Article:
"It"s been unbelievable. People from all over the world have called. It"s everyone from the far right to the far left and everybody in between, who have come together to say, this mother stood her ground to reflect the rights that every parent should have,' Scott said.
Godboldo's attorney echoed the sentiment that many of those people have expressed.
Her attorney, Allison Folmar, said CPS was over-stepping their boundaries when they showed up at Godboldo"s home to take away her child.
"My client is a mother who was protecting her child, against CPS who is acting, over-reaching and outside the scope of their authority. You cannot superimpose your will to give a child Risperdal, which is a psychotropic medication,' Folmar said.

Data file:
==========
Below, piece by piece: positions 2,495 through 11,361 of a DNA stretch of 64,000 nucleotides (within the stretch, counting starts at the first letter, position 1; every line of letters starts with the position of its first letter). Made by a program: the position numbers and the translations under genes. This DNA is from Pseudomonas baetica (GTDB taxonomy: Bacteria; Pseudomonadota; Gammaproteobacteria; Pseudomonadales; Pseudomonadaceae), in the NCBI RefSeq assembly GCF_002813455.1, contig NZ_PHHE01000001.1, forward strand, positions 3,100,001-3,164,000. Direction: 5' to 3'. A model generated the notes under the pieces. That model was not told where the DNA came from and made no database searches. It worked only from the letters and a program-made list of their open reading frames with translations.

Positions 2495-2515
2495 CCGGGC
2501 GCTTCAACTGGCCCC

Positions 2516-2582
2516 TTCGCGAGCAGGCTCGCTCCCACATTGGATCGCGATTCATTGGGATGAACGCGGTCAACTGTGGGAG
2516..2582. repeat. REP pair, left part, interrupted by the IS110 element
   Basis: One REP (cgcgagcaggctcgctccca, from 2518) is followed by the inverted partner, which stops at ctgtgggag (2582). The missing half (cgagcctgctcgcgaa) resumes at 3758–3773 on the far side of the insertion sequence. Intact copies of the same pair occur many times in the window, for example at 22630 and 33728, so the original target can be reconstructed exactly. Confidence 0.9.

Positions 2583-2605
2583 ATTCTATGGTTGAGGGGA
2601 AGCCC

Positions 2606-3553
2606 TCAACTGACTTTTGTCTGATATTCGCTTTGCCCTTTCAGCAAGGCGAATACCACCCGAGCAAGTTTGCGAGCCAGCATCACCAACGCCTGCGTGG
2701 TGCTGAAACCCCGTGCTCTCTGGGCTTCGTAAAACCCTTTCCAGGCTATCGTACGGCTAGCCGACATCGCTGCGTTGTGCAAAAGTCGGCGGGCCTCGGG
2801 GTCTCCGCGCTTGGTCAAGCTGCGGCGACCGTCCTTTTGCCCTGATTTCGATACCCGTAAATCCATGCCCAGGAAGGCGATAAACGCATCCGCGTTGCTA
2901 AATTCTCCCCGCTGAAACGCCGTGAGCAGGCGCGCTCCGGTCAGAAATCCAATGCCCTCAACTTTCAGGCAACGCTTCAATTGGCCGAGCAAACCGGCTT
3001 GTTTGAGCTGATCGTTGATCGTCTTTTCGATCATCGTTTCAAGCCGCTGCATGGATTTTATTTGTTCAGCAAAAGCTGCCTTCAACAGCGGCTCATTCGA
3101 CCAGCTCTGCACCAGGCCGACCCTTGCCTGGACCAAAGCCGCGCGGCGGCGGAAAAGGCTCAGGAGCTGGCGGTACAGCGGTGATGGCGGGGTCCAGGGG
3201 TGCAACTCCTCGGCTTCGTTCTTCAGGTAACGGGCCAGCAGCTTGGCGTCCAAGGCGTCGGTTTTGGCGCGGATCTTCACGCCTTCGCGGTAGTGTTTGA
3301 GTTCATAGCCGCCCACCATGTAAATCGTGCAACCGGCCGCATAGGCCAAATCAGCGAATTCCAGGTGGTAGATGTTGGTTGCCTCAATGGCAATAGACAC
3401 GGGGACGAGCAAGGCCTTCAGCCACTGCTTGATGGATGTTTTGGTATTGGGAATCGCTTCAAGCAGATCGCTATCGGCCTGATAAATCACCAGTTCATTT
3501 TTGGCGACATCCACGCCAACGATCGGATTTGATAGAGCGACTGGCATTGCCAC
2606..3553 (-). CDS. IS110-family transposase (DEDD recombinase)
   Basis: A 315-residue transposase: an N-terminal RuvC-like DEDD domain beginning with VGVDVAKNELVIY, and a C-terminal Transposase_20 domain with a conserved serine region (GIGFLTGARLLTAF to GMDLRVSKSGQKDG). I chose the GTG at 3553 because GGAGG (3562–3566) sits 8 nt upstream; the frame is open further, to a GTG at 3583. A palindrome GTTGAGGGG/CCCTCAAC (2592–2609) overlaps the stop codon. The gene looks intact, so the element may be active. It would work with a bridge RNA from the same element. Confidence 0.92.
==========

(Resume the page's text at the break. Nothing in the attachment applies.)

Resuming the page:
I've said it before and I'll say it again, there's great unease about turning over parenting decisions to governmental officials.  Whether CPS overstepped its bounds in this case, I don't yet know, but I suspect it did.  But the publicity this case has received and the response by parents stand as mute testimony to the deep concerns many people have about the amount of authority child welfare agencies assert over parents and children. Put simply, if you have a child, the least allegation against you whether founded or not, can plant the CPS boot firmly in your doorway.  And once it's there, it's hard to remove it. Not only that, but consider: parenting is more than just a series of decisions about what clothes to buy, what food to give the child, what school the child should attend.  It's a relationship between two human beings.  And like all such relationships, it depends on trust.  It also assumes that, whatever happens, the parent will be there for the child tomorrow and the next day and the next. By contrast, governmental agencies, be they courts or child welfare agencies make decisions.  They don't have ongoing relationships with children and they haven't taken the time or gone to the effort to establish trust on the child's part.  That's not their job. So when they step in the middle of a family by second-guessing the parent, they tend to undermine the trust that's been built up between parent and child.  Their presence unavoidably means they think the parent erred; children over a certain age get that. Moreover, CPS workers don't have to concern themselves with maintaining the trust of the children they deal with the way parents do.  Their obligations are to CPS protocols, supervisor's dictates and keeping their jobs.  This is not to say they don't care about the parents and children they deal with; many of them surely do. But they have no lingering bonds and that means their level of responsibility is lower than parents'. All that is to say that CPS caseworkers should be more careful about the exercise of their power, not less.  Ex parte orders and unannounced visits to parents with surprise orders to take their children are not the way to do that. Thanks to Lloyd for the heads-up.